Unfortunately, the same cannot be said of its narrative. The film is over-crowded with characters and sub-plots that should have been cut, and its story proceeds in clumsy and uninteresting fashion. Parts of film feel forced, and much of it is overconstructed that little remains but surface. Kingsley, McCroy, and Baron Cohen each provide some memorable and lightly touching moments, but they are too scattered to elevate the film into the realm of its director’s more notable works.
As a tribute to the power and wonder of cinema, Hugo is lamentably flat. It lacks momentum, feeling, and purpose. It’s as lifeless as the automaton that Hugo works to repair, and it doesn’t do anything to push the medium forward as it’s subject, Georges Méliès, would have done. It’s also unclear who this film is meant for—perhaps those particularly fond of the color blue?
Film: The 39 Steps
Director: Alfred Hitchcock
Writers: John Buchan (novel), Charles Bennett (adaptation), Ian Hay (dialogue)
Primary Cast: Robert Donat, Madeline Carroll, Godfrey Tearle, Lucie Mannheim, John Laurie, Peggy Ashcroft, Wylie Watson
US Release Date: 1 August 1935
If there’s one thing I’m legitimately pleased with concerning my first semester of graduate school, it’s how much Hitchcock I’ll be watching. Though I’m not actually taking a Hitchcock course—I’m navigating the dark, hostile waters of film theory and grad student professionalization instead—I am a TA for one, and that’s almost as good. I’ll also be able to watch most of the films in 35mm, which is definitely an added bonus, especially since Vertigo is the only Hitchcock work that I’ve seen on film before.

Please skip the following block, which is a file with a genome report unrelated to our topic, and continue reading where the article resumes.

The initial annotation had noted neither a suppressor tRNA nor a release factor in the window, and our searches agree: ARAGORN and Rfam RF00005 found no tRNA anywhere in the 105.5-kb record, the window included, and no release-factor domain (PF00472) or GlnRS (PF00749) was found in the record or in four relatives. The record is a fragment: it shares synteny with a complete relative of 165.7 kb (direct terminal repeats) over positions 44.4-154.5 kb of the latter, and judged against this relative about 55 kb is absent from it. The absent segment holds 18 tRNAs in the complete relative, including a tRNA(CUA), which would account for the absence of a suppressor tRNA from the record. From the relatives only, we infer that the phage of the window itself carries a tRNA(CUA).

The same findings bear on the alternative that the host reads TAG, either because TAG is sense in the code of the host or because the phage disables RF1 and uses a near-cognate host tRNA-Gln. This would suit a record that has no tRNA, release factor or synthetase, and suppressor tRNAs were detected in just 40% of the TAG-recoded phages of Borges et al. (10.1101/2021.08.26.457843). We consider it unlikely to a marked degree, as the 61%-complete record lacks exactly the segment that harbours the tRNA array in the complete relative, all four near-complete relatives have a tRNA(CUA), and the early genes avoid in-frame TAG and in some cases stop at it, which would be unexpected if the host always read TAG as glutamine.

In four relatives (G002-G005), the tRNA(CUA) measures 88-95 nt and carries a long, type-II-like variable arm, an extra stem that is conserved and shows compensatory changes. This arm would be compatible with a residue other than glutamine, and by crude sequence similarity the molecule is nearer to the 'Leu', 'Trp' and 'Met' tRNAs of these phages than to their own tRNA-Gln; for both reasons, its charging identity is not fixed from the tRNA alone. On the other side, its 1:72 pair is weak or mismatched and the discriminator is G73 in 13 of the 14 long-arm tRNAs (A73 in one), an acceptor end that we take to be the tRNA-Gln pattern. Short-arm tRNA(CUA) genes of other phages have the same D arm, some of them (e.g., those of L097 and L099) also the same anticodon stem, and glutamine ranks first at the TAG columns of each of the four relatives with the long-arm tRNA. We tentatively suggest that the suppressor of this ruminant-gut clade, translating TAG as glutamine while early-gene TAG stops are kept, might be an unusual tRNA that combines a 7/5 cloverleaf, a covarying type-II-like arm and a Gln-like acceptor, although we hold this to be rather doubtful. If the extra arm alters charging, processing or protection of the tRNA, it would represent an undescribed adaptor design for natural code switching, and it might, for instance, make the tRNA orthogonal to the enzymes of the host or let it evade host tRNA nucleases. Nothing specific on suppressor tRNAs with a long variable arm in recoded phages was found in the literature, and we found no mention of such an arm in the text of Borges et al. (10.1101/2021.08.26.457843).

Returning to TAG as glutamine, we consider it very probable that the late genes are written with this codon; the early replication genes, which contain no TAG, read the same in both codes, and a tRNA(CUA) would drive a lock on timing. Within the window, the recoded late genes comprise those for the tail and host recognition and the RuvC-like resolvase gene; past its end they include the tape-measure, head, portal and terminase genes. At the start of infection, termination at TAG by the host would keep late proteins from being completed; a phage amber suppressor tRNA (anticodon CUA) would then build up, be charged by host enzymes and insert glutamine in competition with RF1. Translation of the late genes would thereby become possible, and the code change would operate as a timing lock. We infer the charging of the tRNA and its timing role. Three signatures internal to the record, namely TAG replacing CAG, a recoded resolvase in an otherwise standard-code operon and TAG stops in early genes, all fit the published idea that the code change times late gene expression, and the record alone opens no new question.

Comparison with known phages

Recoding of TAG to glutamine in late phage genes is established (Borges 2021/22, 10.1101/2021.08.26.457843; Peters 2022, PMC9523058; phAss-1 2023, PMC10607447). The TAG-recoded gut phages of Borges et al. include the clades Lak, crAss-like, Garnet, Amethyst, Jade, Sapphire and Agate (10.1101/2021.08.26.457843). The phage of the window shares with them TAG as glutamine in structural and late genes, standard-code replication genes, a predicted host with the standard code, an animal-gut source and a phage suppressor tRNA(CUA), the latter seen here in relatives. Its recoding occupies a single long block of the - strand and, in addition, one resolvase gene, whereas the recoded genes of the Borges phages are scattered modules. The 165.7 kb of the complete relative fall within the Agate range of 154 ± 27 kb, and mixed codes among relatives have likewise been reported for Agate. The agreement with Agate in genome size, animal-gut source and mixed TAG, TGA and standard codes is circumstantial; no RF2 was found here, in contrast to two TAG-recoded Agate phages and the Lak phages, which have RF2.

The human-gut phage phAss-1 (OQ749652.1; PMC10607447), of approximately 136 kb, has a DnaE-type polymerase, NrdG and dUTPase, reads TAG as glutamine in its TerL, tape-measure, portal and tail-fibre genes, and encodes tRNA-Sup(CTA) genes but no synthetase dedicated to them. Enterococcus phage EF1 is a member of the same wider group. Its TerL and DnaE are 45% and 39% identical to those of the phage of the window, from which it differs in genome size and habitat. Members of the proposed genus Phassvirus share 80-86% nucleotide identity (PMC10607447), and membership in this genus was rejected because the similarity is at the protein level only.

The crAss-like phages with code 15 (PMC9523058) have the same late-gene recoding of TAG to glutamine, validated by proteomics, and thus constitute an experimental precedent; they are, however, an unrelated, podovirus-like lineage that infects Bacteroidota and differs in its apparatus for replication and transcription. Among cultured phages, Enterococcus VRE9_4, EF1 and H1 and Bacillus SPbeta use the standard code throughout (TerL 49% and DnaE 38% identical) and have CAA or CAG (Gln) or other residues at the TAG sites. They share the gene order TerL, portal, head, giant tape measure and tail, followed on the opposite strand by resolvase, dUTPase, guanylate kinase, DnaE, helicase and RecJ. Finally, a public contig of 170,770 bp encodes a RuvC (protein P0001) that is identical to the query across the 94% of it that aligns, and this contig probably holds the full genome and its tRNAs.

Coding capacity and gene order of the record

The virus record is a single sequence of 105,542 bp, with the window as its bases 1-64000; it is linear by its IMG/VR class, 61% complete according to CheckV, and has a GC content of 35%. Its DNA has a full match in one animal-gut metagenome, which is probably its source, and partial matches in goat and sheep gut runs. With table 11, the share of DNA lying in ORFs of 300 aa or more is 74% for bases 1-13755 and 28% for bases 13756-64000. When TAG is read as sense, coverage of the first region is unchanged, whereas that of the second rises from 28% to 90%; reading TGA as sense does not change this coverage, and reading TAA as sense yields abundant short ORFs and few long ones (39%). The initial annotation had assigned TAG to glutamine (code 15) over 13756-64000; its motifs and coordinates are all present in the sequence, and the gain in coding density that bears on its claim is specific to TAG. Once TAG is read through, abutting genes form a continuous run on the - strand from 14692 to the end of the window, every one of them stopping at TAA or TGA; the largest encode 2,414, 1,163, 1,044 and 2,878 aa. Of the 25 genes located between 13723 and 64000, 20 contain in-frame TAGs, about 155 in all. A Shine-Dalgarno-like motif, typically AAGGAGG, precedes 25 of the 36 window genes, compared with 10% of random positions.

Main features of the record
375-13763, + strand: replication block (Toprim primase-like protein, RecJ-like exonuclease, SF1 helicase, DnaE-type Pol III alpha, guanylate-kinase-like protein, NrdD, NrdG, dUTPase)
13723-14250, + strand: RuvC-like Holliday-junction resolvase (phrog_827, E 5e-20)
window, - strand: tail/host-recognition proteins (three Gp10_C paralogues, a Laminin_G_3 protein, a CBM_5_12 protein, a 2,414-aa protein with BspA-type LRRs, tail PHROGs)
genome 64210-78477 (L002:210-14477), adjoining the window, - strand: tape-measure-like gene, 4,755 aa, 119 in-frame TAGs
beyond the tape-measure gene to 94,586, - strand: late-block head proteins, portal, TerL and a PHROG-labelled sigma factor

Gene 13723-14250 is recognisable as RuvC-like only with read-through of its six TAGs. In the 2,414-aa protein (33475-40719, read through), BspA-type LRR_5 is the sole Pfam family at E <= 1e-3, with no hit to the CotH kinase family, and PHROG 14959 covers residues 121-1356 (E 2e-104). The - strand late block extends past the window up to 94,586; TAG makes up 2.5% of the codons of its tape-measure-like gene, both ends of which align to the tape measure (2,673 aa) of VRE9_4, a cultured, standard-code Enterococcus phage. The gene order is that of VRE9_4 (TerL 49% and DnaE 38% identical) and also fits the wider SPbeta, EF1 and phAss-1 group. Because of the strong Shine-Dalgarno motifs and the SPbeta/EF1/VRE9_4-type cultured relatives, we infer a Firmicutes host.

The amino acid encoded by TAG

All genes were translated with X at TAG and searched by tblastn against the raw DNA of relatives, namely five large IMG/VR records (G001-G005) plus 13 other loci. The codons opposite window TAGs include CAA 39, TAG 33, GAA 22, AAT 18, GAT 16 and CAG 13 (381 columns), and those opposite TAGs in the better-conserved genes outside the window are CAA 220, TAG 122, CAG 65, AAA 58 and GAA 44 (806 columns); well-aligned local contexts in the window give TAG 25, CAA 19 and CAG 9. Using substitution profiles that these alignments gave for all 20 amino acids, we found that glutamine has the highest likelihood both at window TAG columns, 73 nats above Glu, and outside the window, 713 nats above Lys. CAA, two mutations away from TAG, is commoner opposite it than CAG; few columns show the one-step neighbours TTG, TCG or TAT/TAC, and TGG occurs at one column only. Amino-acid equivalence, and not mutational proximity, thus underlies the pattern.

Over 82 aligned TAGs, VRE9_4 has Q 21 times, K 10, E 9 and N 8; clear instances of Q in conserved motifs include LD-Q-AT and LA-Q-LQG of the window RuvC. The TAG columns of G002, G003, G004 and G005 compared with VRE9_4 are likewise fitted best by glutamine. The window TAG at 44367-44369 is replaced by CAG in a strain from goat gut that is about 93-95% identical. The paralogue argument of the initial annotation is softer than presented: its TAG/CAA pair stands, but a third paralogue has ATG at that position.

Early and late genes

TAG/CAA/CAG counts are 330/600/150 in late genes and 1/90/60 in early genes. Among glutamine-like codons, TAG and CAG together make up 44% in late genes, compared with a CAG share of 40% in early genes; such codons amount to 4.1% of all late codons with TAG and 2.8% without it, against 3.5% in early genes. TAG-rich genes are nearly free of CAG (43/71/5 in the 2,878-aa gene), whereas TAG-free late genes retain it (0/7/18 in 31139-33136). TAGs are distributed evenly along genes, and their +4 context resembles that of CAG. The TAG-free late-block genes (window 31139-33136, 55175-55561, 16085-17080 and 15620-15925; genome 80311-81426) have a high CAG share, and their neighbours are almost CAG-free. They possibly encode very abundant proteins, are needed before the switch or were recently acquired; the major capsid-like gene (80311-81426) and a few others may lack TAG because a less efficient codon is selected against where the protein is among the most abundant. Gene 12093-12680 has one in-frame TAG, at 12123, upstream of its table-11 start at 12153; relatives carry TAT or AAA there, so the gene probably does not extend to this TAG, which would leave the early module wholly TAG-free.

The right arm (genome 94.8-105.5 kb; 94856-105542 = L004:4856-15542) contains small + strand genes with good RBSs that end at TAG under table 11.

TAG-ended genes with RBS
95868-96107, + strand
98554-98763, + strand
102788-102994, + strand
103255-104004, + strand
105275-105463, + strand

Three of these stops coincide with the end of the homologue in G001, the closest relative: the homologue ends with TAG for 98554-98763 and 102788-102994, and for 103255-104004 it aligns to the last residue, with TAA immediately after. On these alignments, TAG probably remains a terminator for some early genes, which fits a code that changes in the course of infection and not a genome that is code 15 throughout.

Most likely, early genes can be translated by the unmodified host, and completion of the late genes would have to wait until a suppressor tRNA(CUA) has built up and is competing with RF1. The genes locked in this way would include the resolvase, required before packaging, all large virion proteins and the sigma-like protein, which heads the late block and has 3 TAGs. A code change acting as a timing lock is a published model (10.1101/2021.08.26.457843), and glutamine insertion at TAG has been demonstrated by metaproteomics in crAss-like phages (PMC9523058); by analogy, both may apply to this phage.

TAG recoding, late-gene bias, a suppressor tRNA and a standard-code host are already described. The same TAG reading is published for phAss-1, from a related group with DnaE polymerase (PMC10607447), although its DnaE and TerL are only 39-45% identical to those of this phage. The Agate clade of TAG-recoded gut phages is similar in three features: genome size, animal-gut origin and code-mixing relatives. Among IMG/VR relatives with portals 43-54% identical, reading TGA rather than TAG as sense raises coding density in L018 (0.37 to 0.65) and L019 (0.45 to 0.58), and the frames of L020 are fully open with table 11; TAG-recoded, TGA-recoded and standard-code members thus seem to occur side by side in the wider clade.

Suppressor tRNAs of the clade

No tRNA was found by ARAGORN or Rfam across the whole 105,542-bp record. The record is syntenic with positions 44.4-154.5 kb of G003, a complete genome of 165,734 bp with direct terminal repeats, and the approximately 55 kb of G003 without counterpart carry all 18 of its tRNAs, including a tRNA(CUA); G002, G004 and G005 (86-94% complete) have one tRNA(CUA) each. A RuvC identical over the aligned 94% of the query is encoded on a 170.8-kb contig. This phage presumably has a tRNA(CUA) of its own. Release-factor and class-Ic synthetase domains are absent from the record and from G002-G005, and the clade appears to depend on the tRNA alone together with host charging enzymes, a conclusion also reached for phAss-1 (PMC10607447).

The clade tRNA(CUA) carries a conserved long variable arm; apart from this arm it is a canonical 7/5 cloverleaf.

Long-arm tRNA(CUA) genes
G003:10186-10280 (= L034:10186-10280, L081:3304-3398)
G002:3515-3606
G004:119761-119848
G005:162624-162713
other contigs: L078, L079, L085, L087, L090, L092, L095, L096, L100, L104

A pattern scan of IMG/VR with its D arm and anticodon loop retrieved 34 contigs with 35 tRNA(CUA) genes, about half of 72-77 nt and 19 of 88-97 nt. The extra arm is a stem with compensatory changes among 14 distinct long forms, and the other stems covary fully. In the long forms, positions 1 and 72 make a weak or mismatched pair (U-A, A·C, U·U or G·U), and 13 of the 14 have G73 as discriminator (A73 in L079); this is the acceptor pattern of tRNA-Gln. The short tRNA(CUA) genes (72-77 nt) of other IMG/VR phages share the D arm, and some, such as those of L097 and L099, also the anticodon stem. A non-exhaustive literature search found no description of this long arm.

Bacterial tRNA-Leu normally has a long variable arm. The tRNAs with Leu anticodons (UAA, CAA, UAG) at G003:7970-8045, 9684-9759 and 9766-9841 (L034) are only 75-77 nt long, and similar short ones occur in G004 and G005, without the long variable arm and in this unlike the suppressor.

The first film on the syllabus: 1935’s The 39 Steps.
In terms of plot alone, The 39 Steps is easily categorized as a mystery/thriller, but when it comes to its actual story, it’s more of a character-driven comedy at heart. For all the death, chase scenes, and espionage, the film has a noticeably light-hearted feel, and it moves along so quickly that viewers have little choice but to have a good time. Even those characters who appear for just a single sequence are sketched with clarity, and the entire film is brimming with life and personality as a result. Donat’s portrayal of Hannay is also rather enjoyable, and he presents the film’s protagonist with more emotional nuance than one might expect.
At just 86 minutes, The 39 Steps doesn’t take its time, and viewers aren’t given any more of chance to catch their breath than Hannay is. And while it’s true that aspects of the plot are a little ridiculous when examined in the cold light of day, it’s also important to remember that Hitchcock never let plausibility stop him from doing what he wanted. If the results are entertaining, and if the film works according to its own internal logic, then sheer realism shouldn’t be much of a concern.
One thing that continues to surprise me about Hitchcock is just how well his films hold up. The 39 Steps is over 81 years old, but it’s characters and story remain engaging, entertaining, and (at times) quite humorous. While watching the film, I was constantly reminded of North by Northwest (1959), and The 39 Steps can certainly be thought of a precursor to that work. Moreover, even if The 39 Steps is not as impressive as some of Hitch’s more popular movies, it’s still quite good, and those who’ve enjoyed his more prominent masterpieces would do well to go back and give this earlier film a look.
Until Next Time
Grad school has started, and my life may soon devolve into exhaustion and chaos. Which is to say that I can’t promise consistent posts right now. Then again, when have I ever? In all seriousness, I may mostly be doing posts like this one for a while—posts in which I provide a sort of overview of the films I’ve watched in a period of about a week or so. Also, while I’ll often be watching 3-4 movies a week in class, I won’t be making it out to the movie theater much at all, and that will inevitably impact the lay of the land here for a bit. The more you know.